On September 8, Jammu and Kashmir police raided the homes of four Kashmiri journalists – Hilal Mir, Shah Abbas, Showkat Motta and Azhar Qadri – and confiscated their phones and laptops. Mir reported that they also took his and his wife’s passports. Authorities summoned all four to Srinagar Police Station for questioning and told them to come back the next day. Journalists in Kashmir have faced increased harassment from authorities, including arrests for terrorism, since the BJP government revoked the state’s autonomous constitutional status in August 2019.
In June, the UN Special Rapporteur on Freedom of Expression and the Working Group on Arbitrary Detention wrote to the Indian government expressing concerns about “allegations of arbitrary detention and intimidation of journalists covering the situation in India. Jammu and Kashmir ”. The letter cited the cases of Fahad Shah, Auqib Javeed, Sajar Gul and Qazi Shibli, and also raised concerns about the outspoken newspaper shutting down. Cashmere times in October 2020. He noted that these violations “may be part of a larger scheme of silencing independent reporting in Jammu and Kashmir, which in turn may deter other journalists and civil society from further broadly to cover public interest and human rights issues. In the region.”
On September 10, authorities from the Income Tax Department raided the offices of news sites. Laundry and Newsclick, in Delhi, as part of an investigation into suspected tax evasion. Both are known to criticize the government. During the raids, officials downloaded data from desktops and the personal cell phone and laptop of the Laundry editor, Abhinandan Sekhri, and took various financial documents as well as email archives from the Newsclick editor, Prabir Purkayastha, and another editor. Financial authorities previously targeted both media outlets in June. In February, officials from the Directorate of Execution raided Purkayastha’s office and home.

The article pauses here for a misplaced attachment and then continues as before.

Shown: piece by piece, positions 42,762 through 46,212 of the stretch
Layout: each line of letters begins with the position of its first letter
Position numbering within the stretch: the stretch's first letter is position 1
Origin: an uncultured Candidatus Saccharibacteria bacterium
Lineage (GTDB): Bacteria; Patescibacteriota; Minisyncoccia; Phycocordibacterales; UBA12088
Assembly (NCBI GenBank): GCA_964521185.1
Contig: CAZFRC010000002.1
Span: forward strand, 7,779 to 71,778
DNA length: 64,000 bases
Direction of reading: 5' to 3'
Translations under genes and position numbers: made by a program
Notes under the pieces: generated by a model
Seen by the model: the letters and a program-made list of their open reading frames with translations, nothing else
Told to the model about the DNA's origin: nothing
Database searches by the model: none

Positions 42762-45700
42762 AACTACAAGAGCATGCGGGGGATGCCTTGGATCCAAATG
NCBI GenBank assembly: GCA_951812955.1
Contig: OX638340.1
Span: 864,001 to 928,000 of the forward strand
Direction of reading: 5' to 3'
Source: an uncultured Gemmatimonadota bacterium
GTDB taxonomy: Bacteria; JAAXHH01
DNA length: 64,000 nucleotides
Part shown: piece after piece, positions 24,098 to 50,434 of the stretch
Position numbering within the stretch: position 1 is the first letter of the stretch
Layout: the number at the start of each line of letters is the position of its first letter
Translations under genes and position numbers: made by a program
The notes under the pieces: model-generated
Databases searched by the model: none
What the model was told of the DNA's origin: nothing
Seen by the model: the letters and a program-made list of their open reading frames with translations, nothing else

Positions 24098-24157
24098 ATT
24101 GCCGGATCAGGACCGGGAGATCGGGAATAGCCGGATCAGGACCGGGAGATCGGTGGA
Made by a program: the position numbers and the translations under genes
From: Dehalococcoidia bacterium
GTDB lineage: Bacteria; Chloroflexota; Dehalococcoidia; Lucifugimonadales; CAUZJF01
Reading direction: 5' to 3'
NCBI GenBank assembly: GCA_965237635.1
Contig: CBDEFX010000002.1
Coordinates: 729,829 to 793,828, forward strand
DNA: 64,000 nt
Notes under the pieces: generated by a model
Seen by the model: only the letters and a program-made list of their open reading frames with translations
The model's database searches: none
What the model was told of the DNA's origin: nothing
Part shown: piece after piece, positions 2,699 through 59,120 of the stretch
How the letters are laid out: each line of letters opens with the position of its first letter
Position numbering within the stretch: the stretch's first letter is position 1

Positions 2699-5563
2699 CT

In July, tax authorities raided around 30 offices of one of India’s most widely read newspapers, Dainik Bhaskar, in the states of Madhya Pradesh, Delhi, Rajasthan, Gujarat and Maharashtra, after months of critical coverage of the government’s handling of the Covid-19 pandemic. In 2017, authorities raided the NDTV television news channel, which is also critical of government policy, following allegations of financial irregularities.